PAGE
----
The choice of milk seems endless. But what's the difference?
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  • Updated:28 May 2007

01 .Milk claims



Ever wondered what the difference is between full or reduced fat?

  • Regular ‘milk’ (defined in the Food Standards Code as the mammary secretion of milking animals — essentially, cows and goats) has a minimum of 3.2 g fat per 100 mL. It’s often labelled as ‘full-cream’ or ‘whole’ milk.
  • Low-fat milk contains no more than 1.5 g fat per 100 mL. It’s often labelled as ‘light’ or ‘lite’.
  • Skim milk is milk with almost all the fat removed. It contains no more than 0.15 g fat. Skim milks are often labelled as ‘no fat’, and frequently have names like ‘Physical’, ‘Tone’, ‘Shape’ or ‘Skinny’, presumably to further appeal to the figure-conscious.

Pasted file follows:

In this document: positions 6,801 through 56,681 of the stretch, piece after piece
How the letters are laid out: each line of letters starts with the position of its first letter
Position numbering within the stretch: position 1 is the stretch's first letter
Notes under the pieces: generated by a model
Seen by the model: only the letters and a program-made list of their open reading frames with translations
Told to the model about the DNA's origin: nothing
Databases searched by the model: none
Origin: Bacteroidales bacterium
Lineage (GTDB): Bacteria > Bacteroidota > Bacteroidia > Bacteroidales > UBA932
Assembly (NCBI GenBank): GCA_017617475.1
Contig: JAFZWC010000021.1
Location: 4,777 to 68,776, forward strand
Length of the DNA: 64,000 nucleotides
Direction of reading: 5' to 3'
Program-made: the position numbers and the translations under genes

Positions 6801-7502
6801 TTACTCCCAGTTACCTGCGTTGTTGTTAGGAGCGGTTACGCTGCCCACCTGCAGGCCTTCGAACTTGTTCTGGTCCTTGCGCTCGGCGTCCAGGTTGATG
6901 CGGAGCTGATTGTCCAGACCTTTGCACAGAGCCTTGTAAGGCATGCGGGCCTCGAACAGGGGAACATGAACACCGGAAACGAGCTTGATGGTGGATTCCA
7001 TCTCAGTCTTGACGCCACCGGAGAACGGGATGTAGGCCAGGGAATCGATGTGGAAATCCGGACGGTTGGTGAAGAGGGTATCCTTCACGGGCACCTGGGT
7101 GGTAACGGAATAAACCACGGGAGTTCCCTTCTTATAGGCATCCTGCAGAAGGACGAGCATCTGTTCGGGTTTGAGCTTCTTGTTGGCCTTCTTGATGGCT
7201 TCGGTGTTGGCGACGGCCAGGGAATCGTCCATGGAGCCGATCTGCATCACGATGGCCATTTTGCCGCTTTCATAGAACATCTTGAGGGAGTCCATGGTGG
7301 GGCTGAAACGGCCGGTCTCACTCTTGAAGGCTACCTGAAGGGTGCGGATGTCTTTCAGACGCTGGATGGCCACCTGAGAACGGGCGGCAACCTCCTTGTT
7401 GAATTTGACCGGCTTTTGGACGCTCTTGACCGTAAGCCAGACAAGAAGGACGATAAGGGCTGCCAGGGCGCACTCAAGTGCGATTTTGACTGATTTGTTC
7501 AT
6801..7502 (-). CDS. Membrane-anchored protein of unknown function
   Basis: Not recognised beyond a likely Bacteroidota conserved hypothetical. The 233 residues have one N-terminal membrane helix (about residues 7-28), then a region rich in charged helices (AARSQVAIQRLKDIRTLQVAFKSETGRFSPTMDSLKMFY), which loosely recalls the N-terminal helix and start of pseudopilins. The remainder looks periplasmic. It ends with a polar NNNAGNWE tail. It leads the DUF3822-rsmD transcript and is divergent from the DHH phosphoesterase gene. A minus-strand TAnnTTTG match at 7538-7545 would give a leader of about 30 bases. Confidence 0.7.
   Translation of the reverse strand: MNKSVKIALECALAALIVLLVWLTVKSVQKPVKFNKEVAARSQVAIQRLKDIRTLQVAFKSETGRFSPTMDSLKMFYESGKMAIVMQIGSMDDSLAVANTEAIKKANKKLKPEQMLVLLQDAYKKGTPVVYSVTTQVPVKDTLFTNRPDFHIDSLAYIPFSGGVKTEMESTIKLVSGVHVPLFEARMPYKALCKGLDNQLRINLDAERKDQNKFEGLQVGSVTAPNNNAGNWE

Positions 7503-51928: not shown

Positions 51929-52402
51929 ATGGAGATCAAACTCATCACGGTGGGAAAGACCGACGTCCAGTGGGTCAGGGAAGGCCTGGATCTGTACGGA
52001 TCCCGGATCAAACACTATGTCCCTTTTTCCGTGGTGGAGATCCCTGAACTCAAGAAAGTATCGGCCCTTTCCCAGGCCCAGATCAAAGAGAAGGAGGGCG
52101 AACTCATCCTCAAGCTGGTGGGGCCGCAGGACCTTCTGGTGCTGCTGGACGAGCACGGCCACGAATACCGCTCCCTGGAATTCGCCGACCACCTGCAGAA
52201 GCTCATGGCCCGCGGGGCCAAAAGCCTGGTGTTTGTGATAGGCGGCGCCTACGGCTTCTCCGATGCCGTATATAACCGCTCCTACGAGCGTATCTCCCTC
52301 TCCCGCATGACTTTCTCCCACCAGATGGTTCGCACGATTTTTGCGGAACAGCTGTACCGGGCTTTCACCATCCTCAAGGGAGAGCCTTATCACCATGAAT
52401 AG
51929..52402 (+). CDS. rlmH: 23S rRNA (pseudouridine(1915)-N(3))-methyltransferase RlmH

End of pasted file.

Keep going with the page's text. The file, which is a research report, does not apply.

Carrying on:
See our latest artilce on Milk products compared.

Please note: this information was current as of May 2007 but is still a useful guide today.

Calcium, vitamin D and bones

The selling point

‘Calcium rich’, ‘high in calcium’ or ‘good source of calcium’ are common claims on milk labels, as are statements about bone health, including:

  • “To help achieve optimal bone maintenance, Anlene contains essential bone nutrients, and it helps you absorb them effectively.” ANLENE
  • ”Stronger bones.” PAULS PhysiCAL
  • “A daily 250 mL glass of nutrient enriched Pura Boost is a fantastic bone health package.” PURA Boost

The reality